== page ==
Many companies are considering “moving to the cloud” and other forms of outsourcing because the costs are lower and they assume the outsourcing provider is going to properly handle all of the associated issues, including security. Some outsourcing providers take security seriously and for small and medium businesses who do not have the resources to handle security well themselves, outsourcing to those providers can help significantly reduce their overall risk.
But outsourcing also brings with it its own risks, and many small and medium businesses are rushing to adopt the cloud and other outsourcing without really understanding the risks. Just ask the 400 dental offices around the country who relied on The Digital Dental Record (TDDR), a provider of practice management and patient information storage solutions for dental offices. TDDR was the victim of a ransomware attack last week, and although there are reports that the company has access to a third-party decryption program, the restoration process has been very slow. In fact, only about 1/4 of the impacted dental practices have come back online over the course of the week. In the meantime, the impacted practices have had to cancel appointments and turn away patients because they do not have access to the patients’ records and other information. Some of the impacted practices may not survive if they are unable to treat patients soon.
According to TDDR’s public statements on the issue, it will likely take several more days, and possibly weeks, before their data recovery efforts will be complete. In some cases, the third-party decryption tools are not entirely successful, which means that some of the practices may permanently lose some or all of their patient data.
In addition, since some criminals masquerade their data exfiltration efforts as ransomware attacks, TDDR is not yet certain whether a HIPAA violation or other data breach has occurred. Many states have strict notification and response laws, especially when healthcare information is stolen or otherwise released without authorization. TDDR and its dental practice customers will need to carefully monitor the situation to ensure they meet both their state and federal obligations.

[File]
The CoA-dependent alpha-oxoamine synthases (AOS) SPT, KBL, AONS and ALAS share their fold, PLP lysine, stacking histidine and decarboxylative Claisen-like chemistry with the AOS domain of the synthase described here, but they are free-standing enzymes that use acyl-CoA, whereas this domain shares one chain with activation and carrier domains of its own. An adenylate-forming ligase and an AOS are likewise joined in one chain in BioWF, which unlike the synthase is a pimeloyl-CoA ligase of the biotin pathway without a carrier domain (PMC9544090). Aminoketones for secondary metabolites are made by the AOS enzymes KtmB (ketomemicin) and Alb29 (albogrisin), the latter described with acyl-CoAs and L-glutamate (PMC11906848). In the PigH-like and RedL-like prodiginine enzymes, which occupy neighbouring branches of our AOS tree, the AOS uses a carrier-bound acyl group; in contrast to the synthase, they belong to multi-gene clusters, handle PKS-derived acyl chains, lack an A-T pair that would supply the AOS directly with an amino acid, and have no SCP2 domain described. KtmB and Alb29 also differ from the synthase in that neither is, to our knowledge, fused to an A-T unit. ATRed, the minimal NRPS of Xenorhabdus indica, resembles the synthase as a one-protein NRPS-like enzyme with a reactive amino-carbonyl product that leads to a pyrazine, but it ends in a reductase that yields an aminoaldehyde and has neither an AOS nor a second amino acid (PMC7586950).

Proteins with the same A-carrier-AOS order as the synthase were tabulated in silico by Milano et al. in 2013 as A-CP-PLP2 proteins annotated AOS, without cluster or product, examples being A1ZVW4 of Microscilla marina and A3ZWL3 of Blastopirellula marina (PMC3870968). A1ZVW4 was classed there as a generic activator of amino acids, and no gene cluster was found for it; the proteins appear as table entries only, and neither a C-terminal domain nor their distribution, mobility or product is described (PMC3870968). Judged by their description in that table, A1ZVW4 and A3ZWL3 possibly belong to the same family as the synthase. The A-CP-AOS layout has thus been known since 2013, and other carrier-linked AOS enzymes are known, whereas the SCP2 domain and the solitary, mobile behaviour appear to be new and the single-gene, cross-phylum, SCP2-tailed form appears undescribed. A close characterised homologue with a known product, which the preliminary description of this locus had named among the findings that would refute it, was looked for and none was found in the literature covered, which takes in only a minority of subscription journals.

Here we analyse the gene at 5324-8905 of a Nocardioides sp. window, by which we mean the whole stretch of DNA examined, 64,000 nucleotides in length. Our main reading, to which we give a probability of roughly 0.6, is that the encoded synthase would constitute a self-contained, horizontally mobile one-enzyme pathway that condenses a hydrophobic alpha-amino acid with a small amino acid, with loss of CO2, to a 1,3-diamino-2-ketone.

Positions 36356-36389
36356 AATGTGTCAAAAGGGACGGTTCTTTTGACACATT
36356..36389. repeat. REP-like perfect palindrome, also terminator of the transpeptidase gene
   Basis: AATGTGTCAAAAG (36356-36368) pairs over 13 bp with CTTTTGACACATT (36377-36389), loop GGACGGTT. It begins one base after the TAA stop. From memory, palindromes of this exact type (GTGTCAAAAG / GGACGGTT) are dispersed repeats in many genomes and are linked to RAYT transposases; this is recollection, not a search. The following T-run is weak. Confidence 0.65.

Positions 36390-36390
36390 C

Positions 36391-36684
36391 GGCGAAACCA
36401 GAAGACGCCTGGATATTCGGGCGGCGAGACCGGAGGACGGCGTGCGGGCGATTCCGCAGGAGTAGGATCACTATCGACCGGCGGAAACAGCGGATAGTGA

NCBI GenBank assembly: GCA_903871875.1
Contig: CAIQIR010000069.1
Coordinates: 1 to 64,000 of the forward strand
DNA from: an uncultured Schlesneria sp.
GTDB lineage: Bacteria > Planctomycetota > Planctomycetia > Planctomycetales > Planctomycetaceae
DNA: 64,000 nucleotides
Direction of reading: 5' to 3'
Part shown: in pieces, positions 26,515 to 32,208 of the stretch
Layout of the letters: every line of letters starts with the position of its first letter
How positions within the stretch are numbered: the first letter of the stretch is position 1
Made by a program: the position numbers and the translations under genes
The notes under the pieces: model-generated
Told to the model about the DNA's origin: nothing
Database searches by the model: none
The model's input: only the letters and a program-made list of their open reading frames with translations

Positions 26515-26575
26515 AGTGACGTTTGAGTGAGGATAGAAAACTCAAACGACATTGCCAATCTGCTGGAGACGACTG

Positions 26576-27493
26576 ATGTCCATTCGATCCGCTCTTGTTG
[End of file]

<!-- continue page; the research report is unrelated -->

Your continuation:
The data restoration and potential data breach response costs will be significant for TDDR. Depending on its contracts with its clients, TDDR may also be responsible for their lost revenue, any additional data breach response costs, potential penalties, and other costs. Many outsourcing contracts limit the contractor’s liability to a multiple of the fees paid, and it will be interesting to see if TDDR’s customers will come close to being made whole. Of course that also assumes that TDDR will continue to be in business long enough to pay any such claims, and that TDDR’s insurance will cover any shortfall given the number of customers and patients whose data is involved.
Outsourcing can be a lifesaver for small and medium businesses, giving them access to tools and resources that would otherwise be unreachable. However, it is important to carefully define and assess the risks that go along with outsourcing before an accurate cost/benefit analysis can be performed.
A proper risk analysis is a core part of a defensible IT and cybersecurity strategy because it allows the organization’s executives to agree how the risks should be addressed, i.e., through acceptance, avoidance, transfer/insurance, mitigation, or even enhancement. For those risks where risk transfer through insurance makes sense, a risk analysis allows the organization to ensure the insurance properly covers the risks. For those risks where mitigation is the chosen option, the risk analysis allows the organization to create well-structured mitigation policies and procedures, as well as corresponding incident response plans.
Organizations of all sizes benefit from a risk-based, defensible cybersecurity program. Unfortunately for TDDR’s customers, it may be too late. Has your organization conducted a thorough cybersecurity risk assessment and, if so, are you confident in the resulting policies, procedures, and plans? Are you confident that your insurance properly covers your risks? Have you tested your incident response plans?
At Fathom Cyber, our Defensible Cybersecurity Strategists know that cybersecurity and data privacy are more than just an IT issues: they are vital to our customers’ survival. That is why we don’t offer cookie-cutter approaches to cybersecurity and data privacy. Instead, we help organizations analyze their risks so they can make business-intelligent cybersecurity and data privacy decisions.
Contact Fathom Cyber to learn more about how we can help your organzation create a Defensible Cybersecurity Strategy.